Population mental health interventions for youth
Two successful youth mental health programs are featured in thePopulation Health Intervention Research Casebook published by The Institute of Population and Public Health (IPPH) of the Canadian Institutes of Health Research (CIHR), and the Canadian Population Health Initiative (CPHI) of the Canadian Institute for Health Information (CIHI).
Healthy Transitions was developed in Eastern Ontario through a partnership between the education and health sectors to promote resilience and mental health in young adolescents at school. Classroom sessions on coping and mental health promotion skills were provided by young adult facilitators, recruited from university social work departments and community health centres. Thanks to the established collaboration with the mental health professionals in the community, program facilitators could identify and refer at-risk students to support services. School staff buy-in and cooperation proved an important component to success of the in-class program which was delivered to 208 students in groups of 12-15 students at a time. The program also featured a teacher in-service workshop. A facilitator resource guide was created to encourage replication of the program.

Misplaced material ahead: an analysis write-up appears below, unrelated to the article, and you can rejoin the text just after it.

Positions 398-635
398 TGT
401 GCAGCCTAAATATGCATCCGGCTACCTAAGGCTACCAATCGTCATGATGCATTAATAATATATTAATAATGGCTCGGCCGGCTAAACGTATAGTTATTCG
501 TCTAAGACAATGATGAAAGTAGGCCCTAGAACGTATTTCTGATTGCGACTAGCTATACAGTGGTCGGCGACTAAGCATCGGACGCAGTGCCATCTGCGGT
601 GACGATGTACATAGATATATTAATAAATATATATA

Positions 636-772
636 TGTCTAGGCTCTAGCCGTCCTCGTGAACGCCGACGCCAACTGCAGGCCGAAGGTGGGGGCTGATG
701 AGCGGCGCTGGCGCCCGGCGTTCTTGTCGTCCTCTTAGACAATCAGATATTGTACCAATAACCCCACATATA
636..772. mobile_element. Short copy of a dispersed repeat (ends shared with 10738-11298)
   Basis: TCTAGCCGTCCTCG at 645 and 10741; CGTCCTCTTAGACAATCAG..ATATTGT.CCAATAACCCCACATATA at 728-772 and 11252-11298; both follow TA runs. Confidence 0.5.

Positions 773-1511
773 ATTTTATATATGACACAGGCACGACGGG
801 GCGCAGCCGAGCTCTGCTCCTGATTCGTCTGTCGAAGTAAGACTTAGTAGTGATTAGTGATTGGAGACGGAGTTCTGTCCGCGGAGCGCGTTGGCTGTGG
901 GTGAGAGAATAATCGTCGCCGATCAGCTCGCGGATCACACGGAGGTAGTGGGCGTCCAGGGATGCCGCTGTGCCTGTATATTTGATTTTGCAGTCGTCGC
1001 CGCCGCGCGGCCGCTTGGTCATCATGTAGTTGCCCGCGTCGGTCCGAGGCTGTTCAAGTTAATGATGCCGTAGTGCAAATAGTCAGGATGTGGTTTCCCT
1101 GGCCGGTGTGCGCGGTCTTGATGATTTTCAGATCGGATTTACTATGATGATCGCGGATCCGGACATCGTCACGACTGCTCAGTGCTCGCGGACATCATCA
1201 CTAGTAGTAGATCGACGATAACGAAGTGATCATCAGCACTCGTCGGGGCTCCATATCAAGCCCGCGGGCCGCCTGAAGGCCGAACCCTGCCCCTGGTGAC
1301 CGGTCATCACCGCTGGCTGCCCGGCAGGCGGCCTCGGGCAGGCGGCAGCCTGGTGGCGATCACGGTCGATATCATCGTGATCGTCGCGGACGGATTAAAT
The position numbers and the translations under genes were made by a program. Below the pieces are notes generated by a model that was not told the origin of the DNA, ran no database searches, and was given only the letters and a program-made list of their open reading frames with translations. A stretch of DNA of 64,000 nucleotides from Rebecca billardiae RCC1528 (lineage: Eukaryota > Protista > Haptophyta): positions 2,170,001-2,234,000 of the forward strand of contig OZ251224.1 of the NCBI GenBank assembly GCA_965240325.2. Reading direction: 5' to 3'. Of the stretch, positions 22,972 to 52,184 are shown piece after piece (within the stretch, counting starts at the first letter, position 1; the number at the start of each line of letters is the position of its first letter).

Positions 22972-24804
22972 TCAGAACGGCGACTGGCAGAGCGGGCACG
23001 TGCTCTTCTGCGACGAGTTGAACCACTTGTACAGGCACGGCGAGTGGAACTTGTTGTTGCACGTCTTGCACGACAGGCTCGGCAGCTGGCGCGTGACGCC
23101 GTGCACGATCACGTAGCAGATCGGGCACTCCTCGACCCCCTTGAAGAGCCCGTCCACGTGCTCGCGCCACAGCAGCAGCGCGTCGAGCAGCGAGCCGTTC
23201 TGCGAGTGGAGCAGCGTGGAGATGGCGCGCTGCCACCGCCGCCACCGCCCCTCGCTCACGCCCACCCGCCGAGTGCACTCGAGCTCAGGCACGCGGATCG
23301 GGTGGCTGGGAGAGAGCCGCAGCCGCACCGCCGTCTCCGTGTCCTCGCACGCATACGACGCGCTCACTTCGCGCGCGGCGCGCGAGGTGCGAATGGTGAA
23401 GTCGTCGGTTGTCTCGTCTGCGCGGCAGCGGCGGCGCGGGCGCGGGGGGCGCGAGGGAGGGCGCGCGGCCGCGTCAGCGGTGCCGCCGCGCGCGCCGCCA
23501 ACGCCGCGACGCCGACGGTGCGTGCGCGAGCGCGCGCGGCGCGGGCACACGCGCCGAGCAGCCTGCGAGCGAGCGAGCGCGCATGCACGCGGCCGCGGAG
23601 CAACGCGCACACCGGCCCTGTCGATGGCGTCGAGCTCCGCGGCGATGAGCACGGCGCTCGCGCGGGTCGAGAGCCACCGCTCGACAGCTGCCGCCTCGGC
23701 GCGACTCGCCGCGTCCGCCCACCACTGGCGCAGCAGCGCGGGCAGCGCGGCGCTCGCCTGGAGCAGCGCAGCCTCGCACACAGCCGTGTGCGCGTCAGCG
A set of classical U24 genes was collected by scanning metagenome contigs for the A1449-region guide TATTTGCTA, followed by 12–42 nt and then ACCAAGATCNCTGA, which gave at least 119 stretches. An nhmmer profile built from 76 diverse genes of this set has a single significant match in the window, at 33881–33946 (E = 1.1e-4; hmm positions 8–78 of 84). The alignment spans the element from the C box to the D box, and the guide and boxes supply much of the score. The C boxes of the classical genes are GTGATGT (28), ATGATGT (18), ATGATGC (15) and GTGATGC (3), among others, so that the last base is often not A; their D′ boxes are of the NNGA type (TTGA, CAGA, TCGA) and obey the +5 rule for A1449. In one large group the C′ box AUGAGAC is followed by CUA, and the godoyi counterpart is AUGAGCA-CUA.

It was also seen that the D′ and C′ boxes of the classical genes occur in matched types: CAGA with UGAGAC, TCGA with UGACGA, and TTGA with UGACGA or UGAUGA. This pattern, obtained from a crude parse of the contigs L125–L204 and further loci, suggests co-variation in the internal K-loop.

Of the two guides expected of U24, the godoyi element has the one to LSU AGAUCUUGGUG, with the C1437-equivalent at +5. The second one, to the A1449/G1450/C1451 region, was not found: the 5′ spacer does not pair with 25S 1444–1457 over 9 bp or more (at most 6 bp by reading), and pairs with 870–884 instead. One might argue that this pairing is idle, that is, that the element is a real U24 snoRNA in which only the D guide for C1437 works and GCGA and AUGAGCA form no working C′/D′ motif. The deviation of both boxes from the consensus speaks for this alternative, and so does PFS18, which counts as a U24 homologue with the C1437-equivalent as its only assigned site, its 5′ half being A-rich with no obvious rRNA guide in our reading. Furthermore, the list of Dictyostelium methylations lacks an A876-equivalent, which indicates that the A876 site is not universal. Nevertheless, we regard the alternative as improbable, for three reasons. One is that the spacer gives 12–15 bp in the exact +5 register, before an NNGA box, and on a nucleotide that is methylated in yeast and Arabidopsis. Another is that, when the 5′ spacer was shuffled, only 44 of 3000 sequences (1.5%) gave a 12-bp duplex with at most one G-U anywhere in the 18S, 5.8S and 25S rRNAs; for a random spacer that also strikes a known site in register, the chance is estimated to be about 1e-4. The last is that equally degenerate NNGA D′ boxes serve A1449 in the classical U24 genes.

The casebook also highlights the evaluation project of KidsFirst, a Saskatchewan government population health intervention focusing on vulnerable children and their families in nine communities. The KidsFirst program consisted of intensive home visiting to help families achieve greater capacity through goals (such as finding a job) and support for healthy child development. The program identified families most in need and connected them with mental health and addiction services, as well as early learning and childcare programs.
The evaluation was done through a collaborative process between researchers, program managers and government policy makers. The team’s findings showed that the program staff needed to develop strong relationships with their clients before any information was accepted, or any shift in behaviour was achieved. While the collaborative evaluation may change community practices, it is difficult to assess if the evaluation will promote anything more than small-scale policy changes.
See “Population Health Intervention Research Casebook 2011″ atsecure.cihi.ca.
For more information about the Healthy Transitions program, seewww.child-youth-health.net.
For information on the research findings of the KidsFirst program, seewww.kidskan.ca.